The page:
In today's judgment in the Actavis v ICOS case, the Supreme Court has given useful guidance on the English court's approach to the assessment of obviousness. Whilst finding the particular dosage regimen patent (which was the subject of the case) obvious, the Supreme Court has seemingly endeavoured to determine the case in a way which will avoid unforeseen and far-reaching implications beyond the patentability of this patent – something the bioscience industry had expressed concern about.
As we previously reported this case concerned the validity of ICOS's patent which claimed the use of up to a 5mg dose of tadalafil (Cialis) in the treatment of erectile dysfunction (see our earlier blog on the Court of Appeal's decision). Actavis's obviousness challenge was based upon a piece of prior art (Daugan) which specifically disclosed examples of a tablet containing 50mg of tadalafil and the argument that it would be obvious to implement Daugan by taking tadalafil forward into routine dose ranging studies.
Birss J at first instance rejected the challenge that the patent was obvious and, in a finding of fact, which turned out to be critical to the subsequent fate of the patent, determined that the skilled team would conduct dose response studies hoping for a dose response and that following discovery of a plateau starting at 25mg or 10mg, there would very likely be a subsequent dose ranging study which included 5mg. However, Birss J held that the skilled team would not have a reasonable expectation that 5mg would produce a clinically relevant effect and, ultimately found the patent valid. The Court of Appeal overturned Birss J's decision and unanimously found the patent invalid for lack of inventive step.
Supreme Court decision
The Supreme Court has unanimously come to the same conclusion as the Court of Appeal. In so doing, however, and perhaps with the acknowledgement of the need to facilitate expensive pharmaceutical research in mind, the court has decided this case on the specific facts, as well as giving some useful guidance on factors to be taken into account in determining an obviousness case more generally and the weight to be given to them.
Whilst it is clear that obviousness is to be assessed at the priority date, the line of enquiry does not necessarily stop there if the skilled team would subsequently take uninventive steps to implement the prior art and follow the research through to a foreseeable target. However, something is not obvious just because those steps are ones which the skilled team could already do. There are many factors which might be relevant in the assessment of obviousness and need to be taken into account and the Court of Appeal correctly decided that Birss J had wrongly applied weight to a number of these factors. This included the weight given by Birss J to the relevance of whether it is necessary for something to be obvious to try with a reasonable prospect of success. The Supreme Court held that there is no strict requirement that a test ought to work, since this 'would impose a straightjacket which would preclude a finding of obviousness in a case where the results of an entirely routine test are unpredictable'. The assessment very much depends on the facts and in this case the lack of an expectation of efficacy at a 5mg dose is a factor of little weight if, as was found, the skilled team would be very likely to study such a dose in the search for a dose response relationship – or as one of the experts put it, it was a 'no brainer' to test such a dose.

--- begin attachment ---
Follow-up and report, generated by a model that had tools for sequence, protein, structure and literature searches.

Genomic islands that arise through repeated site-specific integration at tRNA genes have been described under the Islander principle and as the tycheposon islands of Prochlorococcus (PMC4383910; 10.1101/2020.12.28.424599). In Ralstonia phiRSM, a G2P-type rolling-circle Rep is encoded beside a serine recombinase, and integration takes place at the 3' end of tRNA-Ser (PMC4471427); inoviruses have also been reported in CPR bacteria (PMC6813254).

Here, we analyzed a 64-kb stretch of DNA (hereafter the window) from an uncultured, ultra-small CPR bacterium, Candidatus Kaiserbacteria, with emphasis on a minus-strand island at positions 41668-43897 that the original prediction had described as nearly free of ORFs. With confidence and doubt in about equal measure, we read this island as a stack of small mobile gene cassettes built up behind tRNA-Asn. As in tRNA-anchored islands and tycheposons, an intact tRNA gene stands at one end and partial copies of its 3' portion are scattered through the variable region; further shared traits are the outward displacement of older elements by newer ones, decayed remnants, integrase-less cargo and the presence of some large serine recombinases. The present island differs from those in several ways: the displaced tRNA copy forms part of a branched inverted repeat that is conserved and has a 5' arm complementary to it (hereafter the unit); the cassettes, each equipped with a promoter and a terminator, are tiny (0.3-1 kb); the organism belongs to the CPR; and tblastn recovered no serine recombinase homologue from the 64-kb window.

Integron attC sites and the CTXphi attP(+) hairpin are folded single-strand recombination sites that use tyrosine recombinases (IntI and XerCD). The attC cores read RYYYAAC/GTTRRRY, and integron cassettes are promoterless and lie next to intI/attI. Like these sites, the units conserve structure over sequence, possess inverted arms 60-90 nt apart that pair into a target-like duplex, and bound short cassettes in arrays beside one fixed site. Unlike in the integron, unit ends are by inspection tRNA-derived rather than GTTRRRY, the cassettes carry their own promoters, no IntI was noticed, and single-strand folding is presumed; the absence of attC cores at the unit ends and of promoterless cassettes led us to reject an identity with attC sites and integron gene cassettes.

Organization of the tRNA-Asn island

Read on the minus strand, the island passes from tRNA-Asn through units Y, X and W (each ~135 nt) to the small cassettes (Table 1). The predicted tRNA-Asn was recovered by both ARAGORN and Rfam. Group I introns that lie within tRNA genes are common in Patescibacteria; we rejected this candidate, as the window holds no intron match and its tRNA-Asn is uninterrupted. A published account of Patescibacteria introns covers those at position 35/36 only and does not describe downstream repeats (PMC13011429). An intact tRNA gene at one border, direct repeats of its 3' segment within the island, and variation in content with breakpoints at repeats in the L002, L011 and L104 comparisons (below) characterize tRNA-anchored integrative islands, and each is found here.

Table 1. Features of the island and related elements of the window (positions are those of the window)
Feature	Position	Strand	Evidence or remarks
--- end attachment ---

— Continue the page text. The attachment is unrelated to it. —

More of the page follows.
The Supreme Court considered both the English courts approach to obviousness based on the Windsurfing/Pozzoli test and the EPO's problem-and-solution approach and warned against applying either in a mechanistic way, commenting that neither require a literalist approach to the wording of the claim in identifying the inventive concept.
Whilst we digest the nuances and implications of the judgment, many in the industry will at least be grateful for the Supreme Court's confirmation that there is no general proposition that the product of well-established or routine enquiries cannot be inventive and that, importantly, efficacious drugs discovered by research involving standard pre-clinical and clinical tests should be rewarded with a patent if they meet the statutory tests.
Nicole Jadeja assisted the UK BioIndustry Association in its application to intervene in this case.